How to enforce Azure AD Connect to use TLS 1.2 only

To enforce Azure AD Connect to use TLS 1.2 only, run the following Windows PowerShell script in an elevated PowerShell window on each of the Windows Server installations running Azure AD Connect:

Note:
RFC 8446 defines the Transport Layer Security (TLS) Protocol Version 1.3. However, TLS 1.3 has not found its way to Windows Server, yet. It is unavailable at the time of writing.

 

$RegPath1 = “HKLM:\SOFTWARE\WOW6432Node\Microsoft\.NETFramework\v4.0.30319”

New-ItemProperty -path $RegPath1 `
-name
SystemDefaultTlsVersions -value 1 -PropertyType DWORD

New-ItemProperty -path $RegPath1 `
-name
SchUseStrongCrypto -value 1 -PropertyType DWORD

 

$RegPath2 = “HKLM:\SOFTWARE\Microsoft\.NETFramework\v4.0.30319”

New-ItemProperty -path $RegPath2 `
-name SystemDefaultTlsVersions -value 1 -PropertyType DWORD

New-ItemProperty -path $RegPath2 `
-name SchUseStrongCrypto -value 1 -PropertyType DWORD

 

Testing proper hardening

After hardening it’s time to test the hardening. Everyone should sign off (not literally, unless that’s procedure) on the correct working of the Windows Servers running Azure AD Connect.

Note:
The registry changes are step 1 of two steps to harden protocols, cipher suites and hashing algorithms of the Hybrid Identity implementation. Make sure to disable weak protocols, cipher suites and hashing algorithms on the Windows Servers running Azure AD Connect, before testing these systems.

Does authentication to cloud applications still work? Does rolling over the certificate still work? Does monitoring still work? Can we still make back-ups? Can we still restore the backups we make?

Typically, hardening is rolled out to one Windows Server running Azure AD Connect. In an environment with a Staging Mode Azure AD Connect installation, the hardening can be performed on this Windows Server installation and tested with the normal Staging Mode (imports only) synchronization cycles. When hardening is approved upon, the actively synchronizing Azure AD Connect installation can be switched, or hardened, too.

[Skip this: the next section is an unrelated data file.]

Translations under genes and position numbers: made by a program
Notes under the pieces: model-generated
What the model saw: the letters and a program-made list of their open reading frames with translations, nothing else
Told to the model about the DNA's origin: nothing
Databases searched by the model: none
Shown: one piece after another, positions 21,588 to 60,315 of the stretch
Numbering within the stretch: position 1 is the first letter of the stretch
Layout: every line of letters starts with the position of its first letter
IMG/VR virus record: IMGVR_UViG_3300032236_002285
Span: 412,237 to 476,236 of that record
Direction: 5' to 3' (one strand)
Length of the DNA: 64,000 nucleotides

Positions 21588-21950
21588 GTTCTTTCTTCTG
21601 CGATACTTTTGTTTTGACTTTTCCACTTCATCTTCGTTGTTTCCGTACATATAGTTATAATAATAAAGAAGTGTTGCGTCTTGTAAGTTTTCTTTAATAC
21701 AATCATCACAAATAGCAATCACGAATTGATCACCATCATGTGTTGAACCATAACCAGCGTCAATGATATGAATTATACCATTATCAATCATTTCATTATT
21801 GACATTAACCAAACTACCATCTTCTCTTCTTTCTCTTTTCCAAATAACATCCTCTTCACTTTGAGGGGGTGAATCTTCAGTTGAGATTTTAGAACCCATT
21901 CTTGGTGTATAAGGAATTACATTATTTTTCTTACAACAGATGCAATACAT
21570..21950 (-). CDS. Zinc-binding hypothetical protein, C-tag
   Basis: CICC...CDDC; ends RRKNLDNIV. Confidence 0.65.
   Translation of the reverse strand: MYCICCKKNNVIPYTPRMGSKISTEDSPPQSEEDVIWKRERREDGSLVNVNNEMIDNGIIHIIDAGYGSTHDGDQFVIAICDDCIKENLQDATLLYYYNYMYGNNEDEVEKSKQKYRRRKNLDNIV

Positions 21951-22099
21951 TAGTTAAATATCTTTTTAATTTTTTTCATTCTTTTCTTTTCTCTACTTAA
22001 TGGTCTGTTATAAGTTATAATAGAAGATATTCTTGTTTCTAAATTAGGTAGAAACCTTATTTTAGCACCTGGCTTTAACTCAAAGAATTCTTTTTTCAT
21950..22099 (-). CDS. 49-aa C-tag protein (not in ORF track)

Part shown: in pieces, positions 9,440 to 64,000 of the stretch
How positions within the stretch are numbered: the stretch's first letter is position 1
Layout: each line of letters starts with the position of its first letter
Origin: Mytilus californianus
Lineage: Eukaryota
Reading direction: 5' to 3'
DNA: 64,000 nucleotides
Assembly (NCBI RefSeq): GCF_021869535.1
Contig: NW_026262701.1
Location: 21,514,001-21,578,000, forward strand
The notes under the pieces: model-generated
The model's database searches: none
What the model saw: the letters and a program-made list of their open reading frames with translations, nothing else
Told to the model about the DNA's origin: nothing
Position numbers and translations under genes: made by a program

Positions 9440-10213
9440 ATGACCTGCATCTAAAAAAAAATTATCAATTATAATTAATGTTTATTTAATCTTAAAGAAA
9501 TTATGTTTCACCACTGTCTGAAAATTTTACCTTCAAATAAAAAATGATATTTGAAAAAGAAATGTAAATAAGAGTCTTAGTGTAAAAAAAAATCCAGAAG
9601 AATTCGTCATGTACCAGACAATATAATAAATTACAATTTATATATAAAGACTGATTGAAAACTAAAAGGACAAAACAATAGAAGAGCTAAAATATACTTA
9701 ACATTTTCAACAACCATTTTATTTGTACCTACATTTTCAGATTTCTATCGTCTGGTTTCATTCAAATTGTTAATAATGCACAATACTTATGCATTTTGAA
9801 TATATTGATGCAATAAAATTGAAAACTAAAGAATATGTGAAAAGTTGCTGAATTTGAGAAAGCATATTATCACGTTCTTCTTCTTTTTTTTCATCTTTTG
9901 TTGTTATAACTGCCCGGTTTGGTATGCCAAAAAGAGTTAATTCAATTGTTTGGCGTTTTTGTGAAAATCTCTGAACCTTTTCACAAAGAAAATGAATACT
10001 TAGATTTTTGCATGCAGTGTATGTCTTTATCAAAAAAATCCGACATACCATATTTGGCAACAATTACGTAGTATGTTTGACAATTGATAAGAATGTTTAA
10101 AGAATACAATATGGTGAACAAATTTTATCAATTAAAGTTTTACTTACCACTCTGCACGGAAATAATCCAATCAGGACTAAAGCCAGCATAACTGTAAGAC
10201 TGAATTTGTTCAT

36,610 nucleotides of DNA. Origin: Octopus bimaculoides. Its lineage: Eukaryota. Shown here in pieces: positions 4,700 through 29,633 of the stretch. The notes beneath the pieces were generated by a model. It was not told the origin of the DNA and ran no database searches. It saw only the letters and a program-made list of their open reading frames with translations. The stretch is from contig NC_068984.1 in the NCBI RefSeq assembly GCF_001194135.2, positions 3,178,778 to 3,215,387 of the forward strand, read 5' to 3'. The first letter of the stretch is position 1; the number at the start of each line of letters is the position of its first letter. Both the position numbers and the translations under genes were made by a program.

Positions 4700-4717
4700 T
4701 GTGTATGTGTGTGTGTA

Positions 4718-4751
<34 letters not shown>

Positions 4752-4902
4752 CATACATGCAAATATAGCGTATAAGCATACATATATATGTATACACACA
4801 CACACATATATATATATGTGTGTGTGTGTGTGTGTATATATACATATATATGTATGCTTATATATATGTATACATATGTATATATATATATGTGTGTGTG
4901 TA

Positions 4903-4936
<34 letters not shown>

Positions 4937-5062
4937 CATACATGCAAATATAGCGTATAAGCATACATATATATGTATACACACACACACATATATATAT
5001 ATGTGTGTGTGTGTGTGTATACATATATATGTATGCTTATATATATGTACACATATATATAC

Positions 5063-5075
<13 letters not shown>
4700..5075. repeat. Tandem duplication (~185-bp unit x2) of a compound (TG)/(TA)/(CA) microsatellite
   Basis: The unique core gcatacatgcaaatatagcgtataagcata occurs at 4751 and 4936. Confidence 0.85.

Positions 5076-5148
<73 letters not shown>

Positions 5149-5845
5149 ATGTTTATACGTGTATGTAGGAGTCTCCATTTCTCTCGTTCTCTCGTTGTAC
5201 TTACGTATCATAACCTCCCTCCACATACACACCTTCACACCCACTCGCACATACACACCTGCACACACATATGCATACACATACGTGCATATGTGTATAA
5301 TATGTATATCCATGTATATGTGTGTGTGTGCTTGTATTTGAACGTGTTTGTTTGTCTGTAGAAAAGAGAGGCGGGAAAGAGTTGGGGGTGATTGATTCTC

Rolling back hardening

To roll back the settings that enforce Azure AD Connect to use TLS 1.2 only, use the following lines of Windows PowerShell:

$RegPath1 = “HKLM:\SOFTWARE\WOW6432Node\Microsoft\.NETFramework\v4.0.30319”

New-ItemProperty -path $RegPath1 `
-name SystemDefaultTlsVersions -value 0 -PropertyType DWORD

New-ItemProperty -path $RegPath1 `
-name SchUseStrongCrypto -value 0 -PropertyType DWORD

 

$RegPath2 = “HKLM:\SOFTWARE\Microsoft\.NETFramework\v4.0.30319”

New-ItemProperty -path $RegPath2 `
-name SystemDefaultTlsVersions -value 0 -PropertyType DWORD

New-ItemProperty -path $RegPath2 `
-name SchUseStrongCrypto -value 0 -PropertyType DWORD

 

Concluding

Enforcing Azure AD Connect to use TLS v1.2 is a perfect mitigating measure in terms of a GDPR-enforced data privacy impact analysis (DPIA). Be sure to implement it, and enable TLS 1.2 on the Windows Server installations running Azure AD Connect, too.

Further reading

TLS 1.2 enforcement for Azure AD Connect
Azure AD Connect moves to TLS 1.2-only with version 1.2.65.0
What’s New in Azure Active Directory for May 2019

Series Navigation

<< HOWTO: Disable Unnecessary Services and Scheduled Tasks on Windows Servers running Azure AD ConnectHOWTO: Disable weak protocols, cipher suites and hashing algorithms on Web Application Proxies, AD FS Servers and Windows Servers running Azure AD Connect >>